• 94 per cent of people experiencing homelessness were staying indoors; the number of people staying outdoors is estimated to be 533, or six percent of the total homeless population in Toronto.
  • 38 per cent of the respondents experiencing homelessness identified as Indigenous.
  • 11 per cent of respondents identified as LGBTQ2S – this was significantly higher among youth respondents (24 per cent).
  • 13 per cent of respondents experiencing outdoor homelessness were veterans.
  • 10 per cent of respondents were seniors (60 and over), and 10 per cent were youth (16 to 24).

$962: Average private market rent for a bachelor apartment in Toronto (Fall 2016).

$1,137: Average private market rent for a two bedroom apartment in Toronto (Fall 2016).

1.3: Overall vacancy rate for private market rentals in Toronto (Fall 2016)

$706: Ontario Works total monthly allowance for a single adult (Fall 2016).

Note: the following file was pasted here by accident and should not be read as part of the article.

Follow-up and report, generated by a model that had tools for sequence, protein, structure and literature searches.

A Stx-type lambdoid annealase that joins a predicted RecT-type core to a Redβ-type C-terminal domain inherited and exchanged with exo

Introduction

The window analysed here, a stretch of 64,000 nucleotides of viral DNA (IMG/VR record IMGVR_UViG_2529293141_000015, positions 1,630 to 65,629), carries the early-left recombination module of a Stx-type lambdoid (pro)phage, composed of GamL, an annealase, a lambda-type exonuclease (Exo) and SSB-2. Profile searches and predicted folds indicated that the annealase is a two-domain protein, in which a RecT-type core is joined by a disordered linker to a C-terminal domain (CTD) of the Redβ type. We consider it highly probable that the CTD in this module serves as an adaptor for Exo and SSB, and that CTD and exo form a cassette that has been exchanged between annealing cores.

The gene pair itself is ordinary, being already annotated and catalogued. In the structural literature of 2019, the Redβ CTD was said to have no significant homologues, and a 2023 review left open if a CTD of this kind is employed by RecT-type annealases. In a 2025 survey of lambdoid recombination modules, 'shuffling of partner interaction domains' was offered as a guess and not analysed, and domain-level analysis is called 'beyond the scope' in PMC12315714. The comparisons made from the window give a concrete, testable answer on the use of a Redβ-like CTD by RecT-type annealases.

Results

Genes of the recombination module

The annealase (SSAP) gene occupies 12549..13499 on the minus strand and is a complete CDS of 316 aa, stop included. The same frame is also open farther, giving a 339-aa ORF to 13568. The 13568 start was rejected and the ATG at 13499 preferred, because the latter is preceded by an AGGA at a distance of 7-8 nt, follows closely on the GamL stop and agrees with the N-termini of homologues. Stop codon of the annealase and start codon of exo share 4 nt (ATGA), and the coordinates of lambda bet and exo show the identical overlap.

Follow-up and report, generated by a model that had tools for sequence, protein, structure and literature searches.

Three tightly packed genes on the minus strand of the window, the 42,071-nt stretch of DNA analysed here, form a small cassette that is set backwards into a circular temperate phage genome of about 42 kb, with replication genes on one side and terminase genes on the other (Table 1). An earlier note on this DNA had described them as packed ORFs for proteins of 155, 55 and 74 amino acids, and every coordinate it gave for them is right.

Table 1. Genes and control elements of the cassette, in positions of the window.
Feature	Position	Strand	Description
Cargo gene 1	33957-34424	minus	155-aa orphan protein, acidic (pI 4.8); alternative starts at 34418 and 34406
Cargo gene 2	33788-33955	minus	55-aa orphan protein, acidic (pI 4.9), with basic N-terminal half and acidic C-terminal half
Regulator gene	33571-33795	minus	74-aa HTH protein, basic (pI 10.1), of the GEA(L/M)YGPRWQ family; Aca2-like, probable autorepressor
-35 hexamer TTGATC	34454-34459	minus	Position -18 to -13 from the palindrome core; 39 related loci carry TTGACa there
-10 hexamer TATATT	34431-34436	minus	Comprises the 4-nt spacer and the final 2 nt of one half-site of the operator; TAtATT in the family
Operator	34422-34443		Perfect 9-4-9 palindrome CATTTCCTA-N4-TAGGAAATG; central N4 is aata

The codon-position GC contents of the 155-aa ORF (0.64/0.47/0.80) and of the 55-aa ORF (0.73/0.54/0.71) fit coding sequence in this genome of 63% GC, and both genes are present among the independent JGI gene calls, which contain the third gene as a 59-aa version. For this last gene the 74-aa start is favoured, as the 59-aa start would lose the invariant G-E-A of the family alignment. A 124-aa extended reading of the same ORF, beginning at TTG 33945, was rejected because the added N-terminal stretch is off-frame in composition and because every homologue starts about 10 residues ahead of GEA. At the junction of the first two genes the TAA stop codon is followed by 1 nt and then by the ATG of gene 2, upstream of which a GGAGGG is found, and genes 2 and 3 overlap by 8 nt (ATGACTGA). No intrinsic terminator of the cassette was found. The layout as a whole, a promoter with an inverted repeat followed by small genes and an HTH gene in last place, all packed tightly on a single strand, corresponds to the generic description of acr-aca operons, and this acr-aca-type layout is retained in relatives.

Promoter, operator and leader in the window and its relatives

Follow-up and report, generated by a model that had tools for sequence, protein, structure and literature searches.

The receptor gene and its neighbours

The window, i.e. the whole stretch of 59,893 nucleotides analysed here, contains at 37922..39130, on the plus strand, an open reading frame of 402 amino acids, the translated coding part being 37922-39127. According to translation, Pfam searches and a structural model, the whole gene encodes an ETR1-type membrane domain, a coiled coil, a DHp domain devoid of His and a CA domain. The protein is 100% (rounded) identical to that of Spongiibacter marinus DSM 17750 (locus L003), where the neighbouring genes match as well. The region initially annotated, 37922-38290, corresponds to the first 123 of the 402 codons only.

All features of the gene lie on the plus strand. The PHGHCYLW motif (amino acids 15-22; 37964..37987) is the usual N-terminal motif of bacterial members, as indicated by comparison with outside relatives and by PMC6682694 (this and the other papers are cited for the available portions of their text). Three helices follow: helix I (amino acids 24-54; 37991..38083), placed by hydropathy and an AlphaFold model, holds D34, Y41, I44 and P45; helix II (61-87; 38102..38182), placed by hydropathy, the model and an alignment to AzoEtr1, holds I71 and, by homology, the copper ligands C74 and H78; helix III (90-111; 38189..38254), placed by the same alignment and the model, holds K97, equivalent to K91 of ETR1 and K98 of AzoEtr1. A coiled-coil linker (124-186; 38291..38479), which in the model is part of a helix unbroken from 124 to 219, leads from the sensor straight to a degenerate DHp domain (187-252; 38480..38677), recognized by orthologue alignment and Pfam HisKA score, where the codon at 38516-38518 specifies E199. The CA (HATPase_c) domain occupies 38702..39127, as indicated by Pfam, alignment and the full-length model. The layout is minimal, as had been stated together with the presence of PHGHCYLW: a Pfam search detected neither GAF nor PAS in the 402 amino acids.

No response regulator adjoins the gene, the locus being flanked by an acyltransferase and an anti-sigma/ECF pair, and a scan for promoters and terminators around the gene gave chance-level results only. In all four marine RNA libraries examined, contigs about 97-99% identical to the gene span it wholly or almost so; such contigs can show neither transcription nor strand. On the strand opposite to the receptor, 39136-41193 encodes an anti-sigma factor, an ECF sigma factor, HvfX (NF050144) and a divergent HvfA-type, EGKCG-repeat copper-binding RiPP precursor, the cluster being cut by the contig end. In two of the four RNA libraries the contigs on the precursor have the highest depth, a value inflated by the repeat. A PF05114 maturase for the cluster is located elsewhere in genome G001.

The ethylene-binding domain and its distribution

$1,205: Ontario Works total monthly allowance for a two-adult family with two children (Fall 2016).

46: Percentage of Toronto renter households paying more than 30 per cent of pre-tax income on rent. Almost half of Toronto households rent.

94,000: Number of social housing units in Toronto (As of 2017, all programs are under administration by the City of Toronto).

69,000: Approximate number of rent-geared-to-income units where rents are set at 30 per cent of household income.

90,141: Number of people on the centralized waiting list for rent-geared-to-income (RGI) units as of September 30, 2017

8.5: Average number of years an applicant on the chronological list waits to be housed in a two bedroom apartment*

$2,250: Monthly cost of a single shelter bed and services in Toronto.

$305.92: Monthly cost of subsidizing each unit of Toronto’s social housing.

Sources: City of Toronto 2017 budget analyst notes for Shelter, Support and Housing Administration, Ministry of Community and Social Services, 2013 Street Needs Assessment results, Canada Mortgage and Housing Corporation, and Access to Housing (formerly Housing Connections).